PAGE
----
I would warmly recommend the movie to everyone under 35, the older generations might want to check out something else.
This film is a fresh look at life itself. Being set in an unfamiliar
environment, it gives the viewer a chance to see what might be an otherwise
familiar story with a fresh set of eyes. Well, okay, strictly speaking, the
story IS a little unusual, but that's not my point.
There are a few things you should probably know about Reykjavik before you see this movie. It's not really very cold, for one thing. Sitting out at the end of the Gulf Stream, it has very temperate weather, rarely above 72F (20C) in summer and typically around 30F (-2C) in winter. You could probably get by in a sweater most of the year, at least in the city. (Far away from the city, in the uninhabited middle of the country, you'll find a couple of active volcanoes and the largest glacier in Europe.) For another thing, it's an amazingly alcoholic place. When we were there, beer (well, weak beer, anyway) was sold in soda machines. People drink until they pass out in public, especially when getting primed for 3-day weekends (bank holidays), and it's not considered shameful -- their more conscious drunken friends just help carry them to the bus/airplane/car. People line up around the block to get into discos, even in the summer when it's light 22 hours a day. These people party hearty. If this seems like a conflict with what is supposed to be a predominantly Lutheran country, it might be, but nobody seems to let it bother them too much. But, back to the movie...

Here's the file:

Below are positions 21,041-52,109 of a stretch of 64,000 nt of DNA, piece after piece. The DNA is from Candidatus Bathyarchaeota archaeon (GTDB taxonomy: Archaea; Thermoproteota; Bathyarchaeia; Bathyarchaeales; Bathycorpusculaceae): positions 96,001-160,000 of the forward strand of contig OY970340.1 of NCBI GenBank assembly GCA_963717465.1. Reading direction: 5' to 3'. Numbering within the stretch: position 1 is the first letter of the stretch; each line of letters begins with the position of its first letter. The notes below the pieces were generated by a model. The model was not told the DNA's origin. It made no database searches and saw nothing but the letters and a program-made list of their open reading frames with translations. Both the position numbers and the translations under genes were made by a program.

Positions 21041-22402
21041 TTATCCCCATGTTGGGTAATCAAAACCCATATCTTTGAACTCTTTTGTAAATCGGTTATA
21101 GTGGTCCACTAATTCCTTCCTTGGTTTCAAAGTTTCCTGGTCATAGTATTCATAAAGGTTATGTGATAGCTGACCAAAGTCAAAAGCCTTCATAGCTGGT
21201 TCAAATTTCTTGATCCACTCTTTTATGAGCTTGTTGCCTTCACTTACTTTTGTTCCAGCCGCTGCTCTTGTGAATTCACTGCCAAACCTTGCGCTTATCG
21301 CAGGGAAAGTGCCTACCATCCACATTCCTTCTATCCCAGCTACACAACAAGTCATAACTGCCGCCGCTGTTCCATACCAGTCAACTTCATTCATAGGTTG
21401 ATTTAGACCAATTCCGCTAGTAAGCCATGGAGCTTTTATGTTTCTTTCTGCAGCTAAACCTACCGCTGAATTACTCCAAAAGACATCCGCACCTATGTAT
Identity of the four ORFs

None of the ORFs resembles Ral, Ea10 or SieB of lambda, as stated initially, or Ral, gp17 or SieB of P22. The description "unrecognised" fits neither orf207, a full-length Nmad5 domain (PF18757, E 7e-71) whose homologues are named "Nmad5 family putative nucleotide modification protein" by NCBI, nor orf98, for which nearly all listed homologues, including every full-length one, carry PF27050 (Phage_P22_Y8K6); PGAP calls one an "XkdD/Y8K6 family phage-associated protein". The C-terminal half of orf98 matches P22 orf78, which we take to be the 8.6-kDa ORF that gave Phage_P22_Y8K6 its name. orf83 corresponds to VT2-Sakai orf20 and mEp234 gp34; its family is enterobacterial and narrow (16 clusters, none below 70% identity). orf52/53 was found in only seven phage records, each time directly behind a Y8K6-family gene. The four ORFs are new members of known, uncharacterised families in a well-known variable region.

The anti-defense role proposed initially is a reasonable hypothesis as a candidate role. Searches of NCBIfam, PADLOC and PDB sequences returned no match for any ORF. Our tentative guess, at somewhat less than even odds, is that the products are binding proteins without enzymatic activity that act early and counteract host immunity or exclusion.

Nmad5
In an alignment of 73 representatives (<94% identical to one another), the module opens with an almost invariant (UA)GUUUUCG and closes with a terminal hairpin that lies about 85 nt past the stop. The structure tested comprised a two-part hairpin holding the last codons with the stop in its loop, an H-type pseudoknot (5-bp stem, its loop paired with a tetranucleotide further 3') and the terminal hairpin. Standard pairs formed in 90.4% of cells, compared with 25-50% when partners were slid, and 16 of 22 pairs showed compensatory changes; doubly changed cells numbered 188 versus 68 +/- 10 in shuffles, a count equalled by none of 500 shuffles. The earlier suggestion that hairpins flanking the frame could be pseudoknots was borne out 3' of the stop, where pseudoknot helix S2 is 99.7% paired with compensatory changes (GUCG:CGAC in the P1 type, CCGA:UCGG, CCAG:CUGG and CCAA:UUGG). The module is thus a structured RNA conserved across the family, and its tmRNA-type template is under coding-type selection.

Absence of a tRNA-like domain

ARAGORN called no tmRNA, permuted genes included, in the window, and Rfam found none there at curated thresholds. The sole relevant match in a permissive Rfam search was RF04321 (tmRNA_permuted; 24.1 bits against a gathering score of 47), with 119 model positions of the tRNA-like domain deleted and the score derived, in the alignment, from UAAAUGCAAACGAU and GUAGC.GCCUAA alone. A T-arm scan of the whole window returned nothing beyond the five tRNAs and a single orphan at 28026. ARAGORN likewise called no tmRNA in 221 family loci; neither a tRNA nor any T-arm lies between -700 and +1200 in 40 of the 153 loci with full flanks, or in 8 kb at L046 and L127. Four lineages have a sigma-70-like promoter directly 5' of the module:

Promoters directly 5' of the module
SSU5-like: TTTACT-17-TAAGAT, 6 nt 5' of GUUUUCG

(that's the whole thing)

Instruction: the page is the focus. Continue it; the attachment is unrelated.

This movie is both a frank look at this gleefully debauched ambiance, and a more personal look at our hero, Hlynur. For the sake of discussion, let's call him a fully-grown bird yet to leave the nest. You could describe this movie a number of glib ways, none of which would be truly accurate. "Coming-of-age." "Self-discovery." "Rebirth." "The meaning of life." "Sex, drugs, and Rock 'n Roll."
What it is is funny. Really funny. Hlynur is sort of an existential being, and the world mostly happens to him. He's not sure why and not sure what it means. Should he find it tragic, incomprehensible, or just funny? For him, comfortable in the ennui of his unchallenging existence, these disturbances are a bit of a challenge. For us, the audience, what it is is seriously entertaining!
The directing is terrific. The acting is excellent. Victoria Abril is a treat, as usual, but the rest of the mostly Icelandic cast manages to keep up. And the endless "Lola" remixes are hilarious. A lot of fun, highly recommended.
This more or less seems to become a new trend: European countries not
particularly known for their rich history in film-making surprise the
world with semi-artistic movies telling us how boring life is in this
particular country. F*cking Amal did so for Sweden
and 101 Reykjavik
represents Iceland's pride and joy. I really like the lackadaisical
tone of this film and especially the main character Hlynur is great! I
love these Icelandic names, by the way
and the language is lovely!